Managing stress can be a daily battle. It can seem easy on some days and almost impossible on others. And while there are many adjustments you can make to your lifestyle that can help reduce stress, like better sleep and exercise, there are also adjustments you can make to your diet that help as well. Here are a few tips on what to eat and what to avoid when managing your stress. 

The key is reducing cortisol 

For stress management, you want to add food to your diet that helps reduce cortisol. Cortisol is the primary hormone responsible for stress. This hormone is actually released by your body to manage stress since it helps reduce inflammation, regulate sleep cycles, and control blood pressure, but it’s only meant as a short-term solution. In the long-term, an excess amount of cortisol creates more stress in the body and causes inflammation. In order for a food to reduce stress, it needs to help reduce inflammation and thereby reduce cortisol levels. Thankfully, you have a lot of options. 

Stress-reducing foods to add to your diet 

  • Foods with vitamin B. Beef, chicken, eggs, and fortified whole grains are all sources of B vitamins that can help your body metabolize cortisol.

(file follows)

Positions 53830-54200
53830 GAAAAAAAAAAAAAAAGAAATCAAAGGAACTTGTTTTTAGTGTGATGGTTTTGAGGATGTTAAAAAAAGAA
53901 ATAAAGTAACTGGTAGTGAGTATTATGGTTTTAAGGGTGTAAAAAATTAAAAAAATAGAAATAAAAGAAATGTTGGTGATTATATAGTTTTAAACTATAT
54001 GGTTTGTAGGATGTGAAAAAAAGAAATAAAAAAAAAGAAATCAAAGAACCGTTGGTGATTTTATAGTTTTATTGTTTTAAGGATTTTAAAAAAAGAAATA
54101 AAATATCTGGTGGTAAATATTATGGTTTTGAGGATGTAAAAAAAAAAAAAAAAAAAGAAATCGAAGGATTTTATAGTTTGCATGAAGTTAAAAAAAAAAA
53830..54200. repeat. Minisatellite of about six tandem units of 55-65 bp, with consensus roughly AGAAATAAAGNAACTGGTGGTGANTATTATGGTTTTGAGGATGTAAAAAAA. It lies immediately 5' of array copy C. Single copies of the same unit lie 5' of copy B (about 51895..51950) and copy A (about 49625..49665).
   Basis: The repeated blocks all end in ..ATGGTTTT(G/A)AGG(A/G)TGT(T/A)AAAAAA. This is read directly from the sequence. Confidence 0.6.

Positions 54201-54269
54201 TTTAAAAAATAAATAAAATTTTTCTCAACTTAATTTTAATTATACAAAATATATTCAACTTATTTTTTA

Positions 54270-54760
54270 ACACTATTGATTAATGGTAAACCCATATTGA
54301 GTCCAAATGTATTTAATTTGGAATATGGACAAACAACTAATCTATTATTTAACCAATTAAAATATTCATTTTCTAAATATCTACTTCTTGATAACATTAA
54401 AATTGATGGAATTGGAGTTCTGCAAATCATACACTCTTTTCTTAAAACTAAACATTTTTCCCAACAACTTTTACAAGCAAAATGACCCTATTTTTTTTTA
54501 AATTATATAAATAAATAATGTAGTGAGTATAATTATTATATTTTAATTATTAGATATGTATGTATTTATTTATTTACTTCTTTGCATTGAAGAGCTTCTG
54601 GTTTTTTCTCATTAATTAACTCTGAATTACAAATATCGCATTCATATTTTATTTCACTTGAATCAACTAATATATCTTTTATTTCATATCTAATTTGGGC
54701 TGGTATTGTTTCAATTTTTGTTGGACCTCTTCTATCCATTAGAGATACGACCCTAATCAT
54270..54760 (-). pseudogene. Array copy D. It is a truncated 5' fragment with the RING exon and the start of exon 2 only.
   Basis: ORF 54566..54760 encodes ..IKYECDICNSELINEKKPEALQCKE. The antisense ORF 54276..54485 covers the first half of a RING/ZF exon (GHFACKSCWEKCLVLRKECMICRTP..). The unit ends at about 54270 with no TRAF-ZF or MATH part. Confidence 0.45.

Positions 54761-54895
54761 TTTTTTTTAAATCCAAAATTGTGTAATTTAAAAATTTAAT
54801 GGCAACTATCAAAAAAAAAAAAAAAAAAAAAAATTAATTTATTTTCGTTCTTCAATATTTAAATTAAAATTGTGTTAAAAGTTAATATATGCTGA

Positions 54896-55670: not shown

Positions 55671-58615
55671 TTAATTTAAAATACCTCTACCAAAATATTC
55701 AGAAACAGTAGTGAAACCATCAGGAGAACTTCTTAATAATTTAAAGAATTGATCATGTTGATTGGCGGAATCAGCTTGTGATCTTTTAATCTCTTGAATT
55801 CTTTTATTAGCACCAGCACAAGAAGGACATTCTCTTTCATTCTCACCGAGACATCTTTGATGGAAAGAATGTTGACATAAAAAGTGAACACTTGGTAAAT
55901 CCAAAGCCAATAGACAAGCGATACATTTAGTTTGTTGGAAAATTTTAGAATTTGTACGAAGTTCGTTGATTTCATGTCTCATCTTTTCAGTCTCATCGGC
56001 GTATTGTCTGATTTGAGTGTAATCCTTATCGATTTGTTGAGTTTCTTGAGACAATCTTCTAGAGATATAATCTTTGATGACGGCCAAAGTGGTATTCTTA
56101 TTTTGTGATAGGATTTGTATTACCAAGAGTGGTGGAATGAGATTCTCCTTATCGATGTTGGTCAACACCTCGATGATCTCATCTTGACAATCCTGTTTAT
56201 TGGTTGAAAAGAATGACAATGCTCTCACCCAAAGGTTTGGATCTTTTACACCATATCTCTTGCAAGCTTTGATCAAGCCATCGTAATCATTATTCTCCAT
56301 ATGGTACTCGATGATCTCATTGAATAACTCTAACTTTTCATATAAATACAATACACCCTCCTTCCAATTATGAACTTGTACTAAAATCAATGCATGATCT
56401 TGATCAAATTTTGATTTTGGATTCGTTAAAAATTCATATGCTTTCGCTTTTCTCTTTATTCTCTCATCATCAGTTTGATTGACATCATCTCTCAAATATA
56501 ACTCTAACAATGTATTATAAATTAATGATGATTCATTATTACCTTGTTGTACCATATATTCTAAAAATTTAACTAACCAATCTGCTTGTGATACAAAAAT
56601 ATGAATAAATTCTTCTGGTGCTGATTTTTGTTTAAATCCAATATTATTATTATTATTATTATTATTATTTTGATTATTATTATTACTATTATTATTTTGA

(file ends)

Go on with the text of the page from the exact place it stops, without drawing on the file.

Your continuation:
• Foods with omega-3 fatty acids. Omega-3s help reduce inflammation, and you can find them in fatty fishes like salmon, tuna, mackerel, and sardines. They can also be found in avocados, walnuts, flax seeds, and olive oil. 
  • Foods with magnesium. Magnesium helps relax your body and mind, reduce inflammation, and metabolize cortisol. You can find it in avocados, bananas, broccoli, spinach, and dark chocolate (aren’t you happy to learn THAT?!). 
  • Foods with protein. This one may surprise you, but meat, fish, poultry, beans, and legumes help balance blood sugar levels, which is key to managing stress
  • Foods with probiotics. At least 70% of your immune system is in your gut, and probiotics help keep it healthy. Some good sources of probiotics are Greek yogurt, kimchi, sauerkraut, kefir, and kombucha. 

Foods to avoid when managing stress 

While all of the above food choices are good options, there are some foods that raise cortisol levels and put stress on your body. Processed foods, simple carbohydrates, high-sugar foods, caffeine, soda, and alcohol should be avoided or taken in moderation

Eat well and be well 

While these foods will help you manage stress, remember to adopt healthy habits that help as well. Your nutrition should be complemented by adequate sleep, regular exercise, and taking time to relax. Keep this in mind and you’ll be well on your way to better stress management. 

For more information and recommendations, contact me at, or visit my Wellness Center!

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